The type of account you created in the MetaMask wallet is called an externally owned account (EOA). Externally owned accounts are those that have a private key; having the private key means control over access to funds or contracts. Now, you’re probably guessing there is another type of account. That other type of account is a contract account. A contract account has smart contract code, which a simple EOA can’t have. Furthermore, a contract account does not have a private key. Instead, it is owned (and controlled) by the logic of its smart contract code: the software program recorded on the Ethereum blockchain at the contract account’s creation and executed by the EVM.
Contracts have addresses, just like EOAs. Contracts can also send and receive ether, just like EOAs. However, when a transaction destination is a contract address, it causes that contract to run in the EVM, using the transaction, and the transaction’s data, as its input. In addition to ether, transactions can contain data indicating which specific function in the contract to run and what parameters to pass to that function. In this way, transactions can call functions within contracts.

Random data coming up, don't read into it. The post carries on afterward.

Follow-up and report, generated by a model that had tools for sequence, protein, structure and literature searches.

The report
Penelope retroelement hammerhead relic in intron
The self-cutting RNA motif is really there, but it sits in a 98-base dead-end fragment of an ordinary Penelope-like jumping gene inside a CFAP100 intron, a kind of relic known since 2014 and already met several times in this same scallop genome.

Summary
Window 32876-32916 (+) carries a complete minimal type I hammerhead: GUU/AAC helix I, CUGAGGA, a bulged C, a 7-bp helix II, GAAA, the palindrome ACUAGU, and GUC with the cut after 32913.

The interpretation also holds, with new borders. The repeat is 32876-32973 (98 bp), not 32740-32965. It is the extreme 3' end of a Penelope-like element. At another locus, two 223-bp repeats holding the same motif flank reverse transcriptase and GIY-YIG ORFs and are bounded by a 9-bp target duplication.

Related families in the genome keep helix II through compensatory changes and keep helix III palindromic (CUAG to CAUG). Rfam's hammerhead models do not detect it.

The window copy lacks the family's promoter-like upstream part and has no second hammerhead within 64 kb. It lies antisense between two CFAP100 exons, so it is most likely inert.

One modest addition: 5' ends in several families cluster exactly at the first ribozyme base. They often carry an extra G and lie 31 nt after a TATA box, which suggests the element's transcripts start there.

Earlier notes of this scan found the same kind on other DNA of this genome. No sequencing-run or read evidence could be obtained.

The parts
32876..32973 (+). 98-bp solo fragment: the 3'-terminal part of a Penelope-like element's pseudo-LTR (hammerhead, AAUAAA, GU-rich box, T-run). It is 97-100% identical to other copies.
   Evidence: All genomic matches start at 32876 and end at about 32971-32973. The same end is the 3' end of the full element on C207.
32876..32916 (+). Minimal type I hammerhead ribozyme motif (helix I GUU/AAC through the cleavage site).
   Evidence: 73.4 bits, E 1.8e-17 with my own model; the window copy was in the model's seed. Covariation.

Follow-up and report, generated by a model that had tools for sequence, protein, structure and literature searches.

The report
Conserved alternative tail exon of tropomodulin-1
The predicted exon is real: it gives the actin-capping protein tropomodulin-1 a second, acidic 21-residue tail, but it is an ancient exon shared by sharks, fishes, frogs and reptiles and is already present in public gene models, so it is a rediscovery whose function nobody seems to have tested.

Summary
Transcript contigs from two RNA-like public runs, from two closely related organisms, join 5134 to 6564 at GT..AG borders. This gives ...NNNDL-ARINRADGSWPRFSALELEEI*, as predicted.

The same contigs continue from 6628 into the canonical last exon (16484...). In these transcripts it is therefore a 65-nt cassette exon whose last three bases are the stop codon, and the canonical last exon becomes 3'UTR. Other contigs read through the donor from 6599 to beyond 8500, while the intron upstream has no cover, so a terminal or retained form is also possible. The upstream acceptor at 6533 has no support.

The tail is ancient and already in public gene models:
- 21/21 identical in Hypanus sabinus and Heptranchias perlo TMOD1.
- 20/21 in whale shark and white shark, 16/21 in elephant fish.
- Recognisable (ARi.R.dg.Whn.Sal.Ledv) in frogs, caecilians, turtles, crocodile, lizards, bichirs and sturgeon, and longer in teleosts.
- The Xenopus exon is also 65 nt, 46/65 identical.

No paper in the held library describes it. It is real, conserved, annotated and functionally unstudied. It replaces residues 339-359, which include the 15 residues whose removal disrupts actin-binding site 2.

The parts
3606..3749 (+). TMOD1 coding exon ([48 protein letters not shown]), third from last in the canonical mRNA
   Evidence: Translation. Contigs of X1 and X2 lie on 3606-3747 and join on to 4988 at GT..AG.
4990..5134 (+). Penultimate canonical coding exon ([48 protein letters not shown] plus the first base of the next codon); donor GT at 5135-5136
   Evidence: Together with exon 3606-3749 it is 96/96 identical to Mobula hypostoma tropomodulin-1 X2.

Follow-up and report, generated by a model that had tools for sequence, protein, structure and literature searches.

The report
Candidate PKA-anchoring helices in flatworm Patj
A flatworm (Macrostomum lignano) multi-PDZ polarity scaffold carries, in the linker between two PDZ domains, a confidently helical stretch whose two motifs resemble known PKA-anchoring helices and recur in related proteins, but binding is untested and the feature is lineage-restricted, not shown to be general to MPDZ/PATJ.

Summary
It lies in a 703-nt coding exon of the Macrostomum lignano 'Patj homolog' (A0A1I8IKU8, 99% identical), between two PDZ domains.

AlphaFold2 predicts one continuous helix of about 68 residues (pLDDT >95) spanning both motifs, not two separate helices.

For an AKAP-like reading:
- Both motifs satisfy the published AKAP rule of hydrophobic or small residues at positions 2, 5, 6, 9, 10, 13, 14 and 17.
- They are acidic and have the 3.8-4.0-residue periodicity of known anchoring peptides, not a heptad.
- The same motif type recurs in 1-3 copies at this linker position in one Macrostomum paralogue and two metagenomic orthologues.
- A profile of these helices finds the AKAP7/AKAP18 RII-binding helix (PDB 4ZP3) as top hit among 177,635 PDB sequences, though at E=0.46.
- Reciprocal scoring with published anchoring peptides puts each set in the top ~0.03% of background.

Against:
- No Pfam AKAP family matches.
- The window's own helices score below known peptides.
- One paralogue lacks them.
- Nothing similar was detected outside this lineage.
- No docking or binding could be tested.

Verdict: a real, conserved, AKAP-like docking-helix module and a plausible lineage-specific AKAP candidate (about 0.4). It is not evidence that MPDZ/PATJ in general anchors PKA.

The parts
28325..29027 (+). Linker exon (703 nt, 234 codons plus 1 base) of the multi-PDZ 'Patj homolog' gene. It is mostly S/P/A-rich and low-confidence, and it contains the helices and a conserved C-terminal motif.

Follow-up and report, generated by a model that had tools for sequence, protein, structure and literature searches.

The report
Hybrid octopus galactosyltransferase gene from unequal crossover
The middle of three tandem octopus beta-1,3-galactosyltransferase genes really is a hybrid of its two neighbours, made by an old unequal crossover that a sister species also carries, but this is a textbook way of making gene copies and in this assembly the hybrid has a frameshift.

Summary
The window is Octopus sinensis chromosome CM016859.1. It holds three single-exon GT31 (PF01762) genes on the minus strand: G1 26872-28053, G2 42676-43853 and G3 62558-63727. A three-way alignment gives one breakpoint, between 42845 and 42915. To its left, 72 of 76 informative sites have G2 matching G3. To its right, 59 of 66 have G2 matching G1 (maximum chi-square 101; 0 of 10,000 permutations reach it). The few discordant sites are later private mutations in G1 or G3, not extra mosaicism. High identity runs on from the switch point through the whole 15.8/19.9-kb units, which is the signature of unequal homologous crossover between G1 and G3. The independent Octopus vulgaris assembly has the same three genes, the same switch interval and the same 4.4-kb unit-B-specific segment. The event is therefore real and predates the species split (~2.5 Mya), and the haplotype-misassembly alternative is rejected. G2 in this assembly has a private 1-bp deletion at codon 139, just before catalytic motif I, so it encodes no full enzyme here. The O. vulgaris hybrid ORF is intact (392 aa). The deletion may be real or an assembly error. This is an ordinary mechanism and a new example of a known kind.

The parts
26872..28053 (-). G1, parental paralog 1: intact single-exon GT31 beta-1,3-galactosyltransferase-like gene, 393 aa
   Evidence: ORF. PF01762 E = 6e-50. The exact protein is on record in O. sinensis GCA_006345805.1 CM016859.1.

Note that because a contract account does not have a private key, it cannot initiate a transaction. Only EOAs can initiate transactions, but contracts can react to transactions by calling other contracts, building complex execution paths. One typical use of this is an EOA sending a request transaction to a multisignature smart contract wallet to send some ETH on to another address. A typical DApp programming pattern is to have Contract A calling Contract B in order to maintain a shared state across users of Contract A.
In the next few sections, we will write our first contract. You will then learn how to create, fund, and use that contract with your MetaMask wallet and test ether on the Ropsten test network.